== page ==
Researchers, we are told, have overestimated the age of the universe by a billion years:
The lost time is especially vexing because, in a universe full of mysteries, its age has been viewed as one of the few near-certainties. By 2013, the European Planck space telescope’s detailed measurements of cosmic radiation seemed to have yielded the final answer: 13.8 billion years old. All that was left to do was to verify that number using independent observations of bright stars in other galaxies…
“It was getting to the point where we say, ‘Wait a second, we’re not passing this test — we’re failing the test!'” says Riess, co-author of a new paper about the research to be published in Astrophysical Journal.
He estimates that his results, taken at face value, indicate a universe that is only 12.5 billion to 13 billion years old. Corey S. Powell, “The universe may be a billion years younger than we thought. Scientists are scrambling to figure out why.” at NBC News
A billion years is a lot of wiggle room.
That said, from our physics color commentator Rob Sheldon: Another headline for the same news: The expansion rate from Planck (68 km/s/Mpc) doesn’t match the expansion rate from Hubble and other telescopes (74 km/s/Mpc). Extrapolating backward, Planck gives 13.7 bn years since Big Bang**, while Hubble gives 12 bn years. Briefly, this is the unmagnetized, 1-D, homogeneous, isotropic + inflation, Dark Matter, Dark Energy BB. Magnetic fields have the property of delaying the onset of decoupling seen by Planck, which is one of many reasons they don’t agree.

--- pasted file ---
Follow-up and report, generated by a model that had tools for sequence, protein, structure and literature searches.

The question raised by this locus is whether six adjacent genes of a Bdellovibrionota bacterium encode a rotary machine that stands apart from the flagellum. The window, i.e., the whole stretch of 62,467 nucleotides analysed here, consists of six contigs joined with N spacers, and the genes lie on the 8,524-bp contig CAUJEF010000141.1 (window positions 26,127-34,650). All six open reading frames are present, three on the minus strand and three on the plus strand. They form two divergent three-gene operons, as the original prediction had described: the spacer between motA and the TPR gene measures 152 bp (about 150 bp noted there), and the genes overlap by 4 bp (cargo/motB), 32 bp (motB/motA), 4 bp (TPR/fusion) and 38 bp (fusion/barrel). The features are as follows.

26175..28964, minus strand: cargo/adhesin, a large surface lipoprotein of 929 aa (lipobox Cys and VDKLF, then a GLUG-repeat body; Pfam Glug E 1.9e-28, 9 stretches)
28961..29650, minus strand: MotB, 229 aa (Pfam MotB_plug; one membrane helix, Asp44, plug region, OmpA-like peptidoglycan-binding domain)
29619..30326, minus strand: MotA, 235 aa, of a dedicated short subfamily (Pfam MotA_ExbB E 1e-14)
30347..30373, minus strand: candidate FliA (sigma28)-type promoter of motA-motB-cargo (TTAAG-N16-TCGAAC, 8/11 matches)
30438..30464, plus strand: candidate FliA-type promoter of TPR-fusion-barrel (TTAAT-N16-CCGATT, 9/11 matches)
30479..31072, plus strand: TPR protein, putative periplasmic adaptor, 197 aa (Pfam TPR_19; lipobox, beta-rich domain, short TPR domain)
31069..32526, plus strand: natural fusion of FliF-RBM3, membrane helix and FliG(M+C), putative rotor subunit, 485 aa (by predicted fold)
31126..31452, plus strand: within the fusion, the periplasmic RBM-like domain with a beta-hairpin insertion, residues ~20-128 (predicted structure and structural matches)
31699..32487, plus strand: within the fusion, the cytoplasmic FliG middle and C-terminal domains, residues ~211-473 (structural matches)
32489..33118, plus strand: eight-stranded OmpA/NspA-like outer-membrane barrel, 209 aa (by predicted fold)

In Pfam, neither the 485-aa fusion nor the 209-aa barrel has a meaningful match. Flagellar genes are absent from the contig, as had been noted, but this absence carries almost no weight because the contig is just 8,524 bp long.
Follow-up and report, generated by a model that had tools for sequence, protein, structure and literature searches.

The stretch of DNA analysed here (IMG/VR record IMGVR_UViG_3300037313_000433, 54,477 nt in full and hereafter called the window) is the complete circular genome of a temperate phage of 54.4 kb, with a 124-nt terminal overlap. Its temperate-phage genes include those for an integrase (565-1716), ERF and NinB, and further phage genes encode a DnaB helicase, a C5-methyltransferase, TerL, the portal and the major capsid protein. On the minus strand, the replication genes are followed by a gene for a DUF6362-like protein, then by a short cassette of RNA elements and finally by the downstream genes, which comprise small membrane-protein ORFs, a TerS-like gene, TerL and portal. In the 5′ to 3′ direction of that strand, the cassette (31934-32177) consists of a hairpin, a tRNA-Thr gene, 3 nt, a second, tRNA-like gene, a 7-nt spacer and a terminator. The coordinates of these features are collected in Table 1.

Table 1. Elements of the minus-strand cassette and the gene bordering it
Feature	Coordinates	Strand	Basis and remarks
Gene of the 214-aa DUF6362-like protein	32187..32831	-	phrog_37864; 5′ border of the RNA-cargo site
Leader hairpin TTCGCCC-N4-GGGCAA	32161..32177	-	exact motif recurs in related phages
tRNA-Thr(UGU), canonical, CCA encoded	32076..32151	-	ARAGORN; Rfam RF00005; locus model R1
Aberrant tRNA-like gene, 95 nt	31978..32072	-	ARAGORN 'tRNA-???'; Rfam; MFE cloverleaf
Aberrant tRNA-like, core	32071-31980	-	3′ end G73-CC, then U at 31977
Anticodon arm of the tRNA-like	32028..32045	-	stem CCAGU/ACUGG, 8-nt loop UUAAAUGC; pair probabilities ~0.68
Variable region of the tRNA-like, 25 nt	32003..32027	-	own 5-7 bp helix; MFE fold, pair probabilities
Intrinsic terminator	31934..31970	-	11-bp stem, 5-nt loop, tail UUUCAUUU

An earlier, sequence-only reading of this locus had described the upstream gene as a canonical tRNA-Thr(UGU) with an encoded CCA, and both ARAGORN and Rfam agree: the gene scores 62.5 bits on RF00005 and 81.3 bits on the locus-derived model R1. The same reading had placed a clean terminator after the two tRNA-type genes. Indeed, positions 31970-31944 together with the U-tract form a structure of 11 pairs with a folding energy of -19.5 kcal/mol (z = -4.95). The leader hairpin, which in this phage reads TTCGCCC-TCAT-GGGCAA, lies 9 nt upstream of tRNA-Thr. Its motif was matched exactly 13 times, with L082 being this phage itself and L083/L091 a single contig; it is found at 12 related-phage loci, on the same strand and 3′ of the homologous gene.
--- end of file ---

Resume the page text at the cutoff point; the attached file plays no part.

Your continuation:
Who needs this stuff? There are enough real mysteries in cosmology out there. Didn’t we just see “Black holes vs. quantum mechanics = something has to give” whirling past?
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See also: NASA says the moon is shaking, shrinking We don’t even know enough about the moon.